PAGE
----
Science Fair Project Encyclopedia
Tubular bells (also known as chimes) are musical instruments in the percussion family. Each bell is a metal, typically brass, tube, 1¼–1½ inches in diameter, tuned by altering its length. Tubular bells are typically hung vertically in chromatic sets of 1½ octaves with a range from C5 to F6. Two-octave sets that extend to F4 do exist, but they are extremely heavy and not commonly used. A standard set of brass tubular bells can be seen here .
Tubular bells are typically struck on the top edge of the tube with a rawhide- or plastic-headed hammer. They are commonly used to mimic the sound of heavy and impractical church bells in programmatic classical music pieces such as Berlioz's Symphonie Fantastique, Sousa's "Liberty Bell" March and Tchaikovsky's 1812 Overture. Tubular bells are used in popular music, as well. Mike Oldfield used tubular bells in his 1973 debut album, Tubular Bells, the title song of which was used as part of the score for The Exorcist.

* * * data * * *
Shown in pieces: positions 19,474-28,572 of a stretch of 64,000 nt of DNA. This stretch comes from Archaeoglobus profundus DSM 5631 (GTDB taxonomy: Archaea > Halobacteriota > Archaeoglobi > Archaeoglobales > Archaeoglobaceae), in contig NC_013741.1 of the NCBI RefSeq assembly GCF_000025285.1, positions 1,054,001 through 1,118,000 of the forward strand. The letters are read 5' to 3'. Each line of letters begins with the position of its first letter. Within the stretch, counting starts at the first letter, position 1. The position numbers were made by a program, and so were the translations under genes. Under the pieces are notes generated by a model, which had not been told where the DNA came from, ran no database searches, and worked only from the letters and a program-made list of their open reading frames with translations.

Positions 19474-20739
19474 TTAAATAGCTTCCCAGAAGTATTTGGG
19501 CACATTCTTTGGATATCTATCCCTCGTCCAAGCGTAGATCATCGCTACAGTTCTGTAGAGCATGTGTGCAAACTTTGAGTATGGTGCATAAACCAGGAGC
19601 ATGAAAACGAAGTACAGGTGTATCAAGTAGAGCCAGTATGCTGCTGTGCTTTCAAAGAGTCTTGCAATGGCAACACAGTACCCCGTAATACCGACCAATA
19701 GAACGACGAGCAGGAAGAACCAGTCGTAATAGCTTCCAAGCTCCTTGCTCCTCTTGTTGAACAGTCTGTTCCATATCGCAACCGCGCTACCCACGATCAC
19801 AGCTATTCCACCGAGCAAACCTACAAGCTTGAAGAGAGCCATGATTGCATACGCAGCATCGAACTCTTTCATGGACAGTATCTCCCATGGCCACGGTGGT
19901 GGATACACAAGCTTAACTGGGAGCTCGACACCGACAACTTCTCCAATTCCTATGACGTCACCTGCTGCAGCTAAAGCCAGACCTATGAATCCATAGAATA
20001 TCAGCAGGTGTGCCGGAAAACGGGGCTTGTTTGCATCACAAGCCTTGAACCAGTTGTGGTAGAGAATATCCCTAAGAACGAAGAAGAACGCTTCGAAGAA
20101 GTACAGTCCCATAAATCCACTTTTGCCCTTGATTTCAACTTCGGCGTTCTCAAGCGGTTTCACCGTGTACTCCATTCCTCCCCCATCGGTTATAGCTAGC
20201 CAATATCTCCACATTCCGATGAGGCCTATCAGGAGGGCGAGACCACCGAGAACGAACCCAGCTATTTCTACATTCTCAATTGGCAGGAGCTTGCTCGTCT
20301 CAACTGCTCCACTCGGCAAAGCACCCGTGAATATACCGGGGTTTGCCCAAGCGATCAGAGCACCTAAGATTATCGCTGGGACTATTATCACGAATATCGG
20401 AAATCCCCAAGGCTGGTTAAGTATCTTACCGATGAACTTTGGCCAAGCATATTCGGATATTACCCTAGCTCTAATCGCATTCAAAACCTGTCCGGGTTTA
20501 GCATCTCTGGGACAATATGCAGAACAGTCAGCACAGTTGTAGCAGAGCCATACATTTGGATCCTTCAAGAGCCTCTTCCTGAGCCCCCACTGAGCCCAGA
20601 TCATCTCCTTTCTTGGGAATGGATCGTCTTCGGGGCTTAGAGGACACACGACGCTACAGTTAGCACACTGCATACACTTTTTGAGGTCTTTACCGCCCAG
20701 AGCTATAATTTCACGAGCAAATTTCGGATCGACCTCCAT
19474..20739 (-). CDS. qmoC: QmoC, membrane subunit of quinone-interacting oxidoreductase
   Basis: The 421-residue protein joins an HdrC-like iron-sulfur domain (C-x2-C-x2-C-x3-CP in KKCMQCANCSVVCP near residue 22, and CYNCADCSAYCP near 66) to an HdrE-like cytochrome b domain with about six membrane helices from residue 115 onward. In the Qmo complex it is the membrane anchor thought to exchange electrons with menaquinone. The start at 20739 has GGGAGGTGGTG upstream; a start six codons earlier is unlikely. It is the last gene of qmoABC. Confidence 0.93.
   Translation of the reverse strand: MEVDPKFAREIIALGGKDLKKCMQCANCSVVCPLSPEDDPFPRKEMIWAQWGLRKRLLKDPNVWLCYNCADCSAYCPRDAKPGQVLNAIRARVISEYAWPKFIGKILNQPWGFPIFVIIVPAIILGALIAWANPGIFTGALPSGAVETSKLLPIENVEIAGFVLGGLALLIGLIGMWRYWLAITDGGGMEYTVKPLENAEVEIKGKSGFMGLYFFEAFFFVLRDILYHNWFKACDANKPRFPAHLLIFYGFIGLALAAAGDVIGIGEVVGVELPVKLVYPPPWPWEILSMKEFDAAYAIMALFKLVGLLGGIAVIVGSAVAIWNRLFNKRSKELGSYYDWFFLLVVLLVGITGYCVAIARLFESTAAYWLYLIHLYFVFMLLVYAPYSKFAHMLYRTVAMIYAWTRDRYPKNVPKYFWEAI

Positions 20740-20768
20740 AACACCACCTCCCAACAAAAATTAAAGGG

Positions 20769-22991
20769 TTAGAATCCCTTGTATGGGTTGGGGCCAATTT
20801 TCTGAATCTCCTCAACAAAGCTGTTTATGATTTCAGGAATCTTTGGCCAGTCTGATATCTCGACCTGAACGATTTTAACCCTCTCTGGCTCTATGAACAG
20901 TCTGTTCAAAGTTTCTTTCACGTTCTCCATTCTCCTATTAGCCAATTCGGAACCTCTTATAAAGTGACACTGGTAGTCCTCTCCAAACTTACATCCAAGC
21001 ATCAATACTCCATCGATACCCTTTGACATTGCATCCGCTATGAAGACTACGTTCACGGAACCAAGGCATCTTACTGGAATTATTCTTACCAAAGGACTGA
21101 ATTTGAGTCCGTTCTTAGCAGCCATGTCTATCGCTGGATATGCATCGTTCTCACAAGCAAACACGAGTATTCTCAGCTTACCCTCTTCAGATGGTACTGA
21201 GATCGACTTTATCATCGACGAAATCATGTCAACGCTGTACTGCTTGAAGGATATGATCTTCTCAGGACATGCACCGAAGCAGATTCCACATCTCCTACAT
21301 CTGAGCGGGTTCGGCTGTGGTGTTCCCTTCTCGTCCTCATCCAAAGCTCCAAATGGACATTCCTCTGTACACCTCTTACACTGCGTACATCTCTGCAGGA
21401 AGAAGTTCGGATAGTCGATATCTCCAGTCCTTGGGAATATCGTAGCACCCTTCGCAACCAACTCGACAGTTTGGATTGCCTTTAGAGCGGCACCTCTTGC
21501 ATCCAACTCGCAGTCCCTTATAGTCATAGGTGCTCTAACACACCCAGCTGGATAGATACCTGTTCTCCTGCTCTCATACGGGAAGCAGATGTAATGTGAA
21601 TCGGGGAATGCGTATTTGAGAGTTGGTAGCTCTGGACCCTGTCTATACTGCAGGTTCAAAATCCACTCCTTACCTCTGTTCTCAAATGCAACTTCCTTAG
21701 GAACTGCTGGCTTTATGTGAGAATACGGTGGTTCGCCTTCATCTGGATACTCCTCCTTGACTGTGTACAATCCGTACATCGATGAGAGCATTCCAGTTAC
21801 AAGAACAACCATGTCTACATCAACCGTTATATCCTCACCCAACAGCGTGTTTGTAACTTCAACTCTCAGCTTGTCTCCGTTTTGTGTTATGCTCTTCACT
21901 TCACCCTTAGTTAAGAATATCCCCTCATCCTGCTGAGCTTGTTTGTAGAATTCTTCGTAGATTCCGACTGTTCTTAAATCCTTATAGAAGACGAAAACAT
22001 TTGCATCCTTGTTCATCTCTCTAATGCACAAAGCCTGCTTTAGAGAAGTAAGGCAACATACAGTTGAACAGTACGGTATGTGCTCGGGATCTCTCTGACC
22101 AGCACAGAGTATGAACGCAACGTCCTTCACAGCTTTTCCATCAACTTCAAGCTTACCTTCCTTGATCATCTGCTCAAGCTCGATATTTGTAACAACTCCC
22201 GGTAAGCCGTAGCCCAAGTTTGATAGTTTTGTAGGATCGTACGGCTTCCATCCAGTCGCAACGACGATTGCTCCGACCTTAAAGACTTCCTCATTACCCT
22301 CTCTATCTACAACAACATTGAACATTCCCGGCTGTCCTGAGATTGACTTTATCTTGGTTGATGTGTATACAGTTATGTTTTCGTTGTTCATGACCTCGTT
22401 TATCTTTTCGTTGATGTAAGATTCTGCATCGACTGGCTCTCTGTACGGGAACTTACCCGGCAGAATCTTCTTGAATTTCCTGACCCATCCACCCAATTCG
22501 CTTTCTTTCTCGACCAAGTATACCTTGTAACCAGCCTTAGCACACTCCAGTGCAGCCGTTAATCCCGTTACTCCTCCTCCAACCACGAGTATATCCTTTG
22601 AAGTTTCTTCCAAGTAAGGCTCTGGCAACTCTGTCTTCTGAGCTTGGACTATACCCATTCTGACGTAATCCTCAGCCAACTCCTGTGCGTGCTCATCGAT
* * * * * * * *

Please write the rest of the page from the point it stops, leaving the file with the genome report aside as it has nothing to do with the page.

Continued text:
The tubes used provide a purer tone than solid cylindrical chimes, such those on a mark tree.
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